Friday, September 16, 2016

US Military Views #Climate Change As Serious Security Threat



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Climate change 'significant and direct' threat to U.S. military: reports


The effects of climate change endanger U.S. military operations and could increase the danger of international conflict, according to three new documents endorsed by retired top U.S. military officers and former national security officials.

"There are few easy answers, but one thing is clear: the current trajectory of climatic change presents a strategically-significant risk to U.S. national security, and inaction is not a viable option," said a statement published on Wednesday by the Center for Climate and Security, a Washington-based think tank.


It was signed by more than a dozen former senior military and national security officials, including retired General Anthony Zinni, former commander of the U.S. Central Command, and retired Admiral Samuel Locklear, head of the Pacific Command until last year.



Reuters




Australia’s love of coal has left it out in the diplomatic cold

At the Port Moresby meeting, Kiribati President Anote Tong suggested that Australia should leave the forum altogether if it was not prepared to back the islands' positions in global climate negotiations. Australian attempts to gag its Pacific island neighbours in these negotiations have aroused anger in the region. 




12 large scale solar projects to get ARENA funding

The fact that more than half the projects will be helped by ARENA is not unexpected, given the huge reduction in the project costs elicited during the tendering process. It will mean that the ARENA funding round will produce around double the 200MW of large-scale solar capacity that it originally targeted.




Why we can't sign the latest Climate Change Authority report 

For three years, good climate change policies in Australia have been eviscerated by those who would prefer to do nothing. This is happening at a time when the urgency to act has never been greater and the rest of the world is pursuing a bolder and more determined path. All of the evidence shows that most Australians want much stronger action from the government to reduce greenhouse gas emissions and hasten the transition to a clean energy economy.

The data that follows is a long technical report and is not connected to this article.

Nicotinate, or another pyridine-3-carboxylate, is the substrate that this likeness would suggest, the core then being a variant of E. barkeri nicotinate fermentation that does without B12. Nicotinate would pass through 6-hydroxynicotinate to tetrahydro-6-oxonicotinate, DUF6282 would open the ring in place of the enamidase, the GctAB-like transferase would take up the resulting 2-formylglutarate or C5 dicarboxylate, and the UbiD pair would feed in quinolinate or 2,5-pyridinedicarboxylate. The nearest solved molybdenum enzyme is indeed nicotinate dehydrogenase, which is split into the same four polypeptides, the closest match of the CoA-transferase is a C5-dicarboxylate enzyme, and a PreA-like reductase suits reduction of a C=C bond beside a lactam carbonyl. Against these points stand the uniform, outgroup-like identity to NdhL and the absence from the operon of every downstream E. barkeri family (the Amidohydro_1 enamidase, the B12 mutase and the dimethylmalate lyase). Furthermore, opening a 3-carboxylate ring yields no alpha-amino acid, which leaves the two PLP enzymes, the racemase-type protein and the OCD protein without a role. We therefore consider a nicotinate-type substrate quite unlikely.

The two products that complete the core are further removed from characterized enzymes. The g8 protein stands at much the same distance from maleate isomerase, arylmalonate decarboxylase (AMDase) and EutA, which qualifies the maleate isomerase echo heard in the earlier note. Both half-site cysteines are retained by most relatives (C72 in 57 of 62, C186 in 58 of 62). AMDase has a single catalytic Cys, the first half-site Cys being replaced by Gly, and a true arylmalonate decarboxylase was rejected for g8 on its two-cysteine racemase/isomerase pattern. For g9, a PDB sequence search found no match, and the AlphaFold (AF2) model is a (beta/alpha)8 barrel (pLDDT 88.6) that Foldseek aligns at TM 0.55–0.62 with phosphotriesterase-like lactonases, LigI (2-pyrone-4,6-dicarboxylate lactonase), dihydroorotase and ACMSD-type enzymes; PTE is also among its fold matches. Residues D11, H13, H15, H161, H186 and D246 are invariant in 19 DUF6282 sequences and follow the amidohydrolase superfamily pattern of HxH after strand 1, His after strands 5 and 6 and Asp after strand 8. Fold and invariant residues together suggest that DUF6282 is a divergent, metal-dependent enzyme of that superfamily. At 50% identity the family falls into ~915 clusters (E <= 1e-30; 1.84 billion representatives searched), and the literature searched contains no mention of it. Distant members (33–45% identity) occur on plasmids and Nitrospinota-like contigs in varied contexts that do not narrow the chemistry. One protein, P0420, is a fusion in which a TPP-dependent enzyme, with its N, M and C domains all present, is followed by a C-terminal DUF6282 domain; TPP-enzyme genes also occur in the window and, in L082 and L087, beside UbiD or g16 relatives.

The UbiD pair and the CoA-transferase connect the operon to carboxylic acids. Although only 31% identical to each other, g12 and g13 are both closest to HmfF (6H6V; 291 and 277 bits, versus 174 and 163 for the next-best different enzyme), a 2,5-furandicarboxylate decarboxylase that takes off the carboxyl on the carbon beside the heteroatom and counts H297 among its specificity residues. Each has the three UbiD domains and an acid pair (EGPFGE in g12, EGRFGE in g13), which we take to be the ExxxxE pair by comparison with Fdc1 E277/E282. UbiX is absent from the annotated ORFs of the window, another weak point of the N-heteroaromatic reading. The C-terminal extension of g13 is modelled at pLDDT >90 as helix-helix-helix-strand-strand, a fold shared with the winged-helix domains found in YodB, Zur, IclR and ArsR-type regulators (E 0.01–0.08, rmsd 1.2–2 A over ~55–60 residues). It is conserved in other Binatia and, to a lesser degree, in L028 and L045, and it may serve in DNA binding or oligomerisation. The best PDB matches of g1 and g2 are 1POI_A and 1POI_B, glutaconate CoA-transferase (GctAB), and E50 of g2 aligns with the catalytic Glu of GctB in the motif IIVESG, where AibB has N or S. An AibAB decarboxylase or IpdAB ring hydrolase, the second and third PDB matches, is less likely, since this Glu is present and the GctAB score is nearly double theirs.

and 





UK and US dwarf China as top foreign investors in Australian agricultural land

Report reveals 13.6% of Australia’s 385m hectares of agricultural land is foreign-owned, with two-thirds of the 52.1m hectares in UK or US hands

https://www.theguardian.com/australia-news/2016/sep/07/uk-and-us-dwarf-china-as-top-foreign-investors-in-australian-agricultural-land 


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Sapphire Raises $1 Billion for Investment in Start-Ups


Sapphire Ventures has closed on a $1 billion fund to invest in privately held start-ups, easing fears about a downturn in the venture capital industry.

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Sapphire Ventures, a venture capital firm in Palo Alto, Calif., with more than $2.4 billion in assets under management, has only one investor, the business software maker SAP. Sapphire Ventures was the corporate venture arm of SAP, and it has operated as a stand-alone firm since 2011.
For the last year, investors have worried that the venture industry had become overheated and that there would be a freeze in fund-raising. But like Sapphire Ventures, several firms have raised more than $1 billion this year, giving them firepower to write big checks for start-ups, whose valuations peaked around the end of 2015.
Last month, Technology Crossover Ventures announced a $2.5 billion fund. Earlier this year, Kleiner Perkins Caufield & Byers raised $1.4 billion across two funds and Andreessen Horowitz raised $1.5 billionFounders Fund also raised $1.3 billionAccel Partners garnered $2 billion and Norwest Venture Partners raised $1.2 billion.
In the United States alone, the venture industry raised nearly as much money in the first half of 2016 as it did in all of 2015, according to data from Thomson Reuters and the National Venture Capital Association.
Sapphire Ventures invests in start-ups that are past their earliest stages, and 38 of the companies that it has put money into went public or were sold since 2011, including the online storage company Box, the wearables maker Fitbit and the mobile payments company Square.
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The New York Times

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